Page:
Well, this is a funny one! Cold surfaces do not result in hemorrhoids. In fact, sitting on hard and concrete surfaces for very long periods is the actual problem. Why? Because it increases the strain on your rectum. So, you can sit on a cold surface all you want to; just make sure you don’t do that for too long.
8. Exercise Can Lead to Hemorrhoids
Most people believe that exercising too hard can result in hemorrhoids. However, this is not true at all. In fact, exercise helps prevent constipation and obesity, decreasing the risk of developing hemorrhoids. You should exercise even if you have already developed hemorrhoids. All you have to do is avoid lifting weights, especially if you don’t know the right techniques.
9. Hemorrhoids are Always Painful
You might have heard some horror & painful stories related to hemorrhoids. However, it doesn’t mean hemorrhoids are always painful. As mentioned earlier, there isn’t just one type of hemorrhoid. Some hemorrhoids can even go unnoticed for the longest time. You may not feel any pain even if you are bleeding.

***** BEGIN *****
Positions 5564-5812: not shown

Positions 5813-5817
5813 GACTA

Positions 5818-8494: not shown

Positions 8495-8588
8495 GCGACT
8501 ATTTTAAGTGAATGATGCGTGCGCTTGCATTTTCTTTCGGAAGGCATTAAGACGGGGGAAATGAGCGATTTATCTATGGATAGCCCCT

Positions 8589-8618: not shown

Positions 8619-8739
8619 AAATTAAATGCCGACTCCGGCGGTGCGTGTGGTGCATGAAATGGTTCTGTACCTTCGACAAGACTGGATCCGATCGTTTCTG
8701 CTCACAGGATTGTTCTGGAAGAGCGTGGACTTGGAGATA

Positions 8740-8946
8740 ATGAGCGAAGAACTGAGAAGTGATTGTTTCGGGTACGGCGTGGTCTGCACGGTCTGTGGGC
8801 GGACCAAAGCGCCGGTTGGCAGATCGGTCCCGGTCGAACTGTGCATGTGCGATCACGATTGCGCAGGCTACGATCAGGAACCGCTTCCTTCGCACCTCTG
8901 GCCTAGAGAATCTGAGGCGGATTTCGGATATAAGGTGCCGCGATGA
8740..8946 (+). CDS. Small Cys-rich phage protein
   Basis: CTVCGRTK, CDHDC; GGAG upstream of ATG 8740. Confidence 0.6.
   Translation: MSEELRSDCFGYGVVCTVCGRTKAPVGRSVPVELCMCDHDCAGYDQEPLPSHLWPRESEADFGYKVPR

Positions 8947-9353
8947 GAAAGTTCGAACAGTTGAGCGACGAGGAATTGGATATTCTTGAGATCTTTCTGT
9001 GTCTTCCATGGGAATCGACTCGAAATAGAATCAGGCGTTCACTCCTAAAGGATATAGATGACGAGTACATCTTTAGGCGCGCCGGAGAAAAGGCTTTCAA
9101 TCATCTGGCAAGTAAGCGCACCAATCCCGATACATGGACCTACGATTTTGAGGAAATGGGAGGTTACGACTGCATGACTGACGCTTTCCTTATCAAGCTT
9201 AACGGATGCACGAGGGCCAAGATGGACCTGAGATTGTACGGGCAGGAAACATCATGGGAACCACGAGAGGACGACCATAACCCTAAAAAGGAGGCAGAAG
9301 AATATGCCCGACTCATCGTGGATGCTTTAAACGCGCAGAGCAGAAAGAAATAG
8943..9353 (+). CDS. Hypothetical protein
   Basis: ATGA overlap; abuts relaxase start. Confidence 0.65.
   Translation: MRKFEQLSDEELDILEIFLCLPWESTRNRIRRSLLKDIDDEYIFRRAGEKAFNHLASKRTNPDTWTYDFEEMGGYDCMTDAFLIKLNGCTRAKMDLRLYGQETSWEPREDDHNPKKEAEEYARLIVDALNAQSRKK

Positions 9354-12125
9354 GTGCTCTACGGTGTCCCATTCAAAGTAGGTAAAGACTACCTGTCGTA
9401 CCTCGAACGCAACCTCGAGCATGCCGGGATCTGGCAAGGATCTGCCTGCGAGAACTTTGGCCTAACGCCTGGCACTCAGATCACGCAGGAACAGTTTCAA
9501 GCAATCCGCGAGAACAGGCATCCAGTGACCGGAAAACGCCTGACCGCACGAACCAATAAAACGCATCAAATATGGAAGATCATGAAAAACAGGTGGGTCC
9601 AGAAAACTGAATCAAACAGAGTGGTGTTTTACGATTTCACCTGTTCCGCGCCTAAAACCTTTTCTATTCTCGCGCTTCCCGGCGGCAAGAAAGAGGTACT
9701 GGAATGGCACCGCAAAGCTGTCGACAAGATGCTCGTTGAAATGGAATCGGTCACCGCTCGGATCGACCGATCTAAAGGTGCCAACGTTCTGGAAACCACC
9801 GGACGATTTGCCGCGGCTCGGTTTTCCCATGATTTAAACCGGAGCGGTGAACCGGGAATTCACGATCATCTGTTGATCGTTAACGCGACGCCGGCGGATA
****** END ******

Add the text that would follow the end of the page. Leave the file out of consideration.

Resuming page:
Even for the severe types of hemorrhoids, a few preventive measures can help relieve the pain, itching, and discomfort. For example, don’t sit on the toilet for too long when you have hemorrhoids. Plus, ice packs can also fight off the pain from hemorrhoids successfully.
10. Hemorrhoids are Contagious
Not surprising at all! The myth of being contagious is associated with every disease that has visible symptoms on your body. However, hemorrhoids cannot be transmitted through physical contact. They can be hereditary but not contagious. Therefore, you don’t have to worry about catching hemorrhoids from someone else at all!
As medical conditions like hemorrhoids are becoming common, we need to start talking about them. People usually feel reluctant and embarrassed to discuss such things, choosing to suffer in silence. Lifting off the taboo associated with these medical conditions can help millions of people around the globe.
Did you believe in any of these misconceptions? Comment below if you know any other myth about hemorrhoids.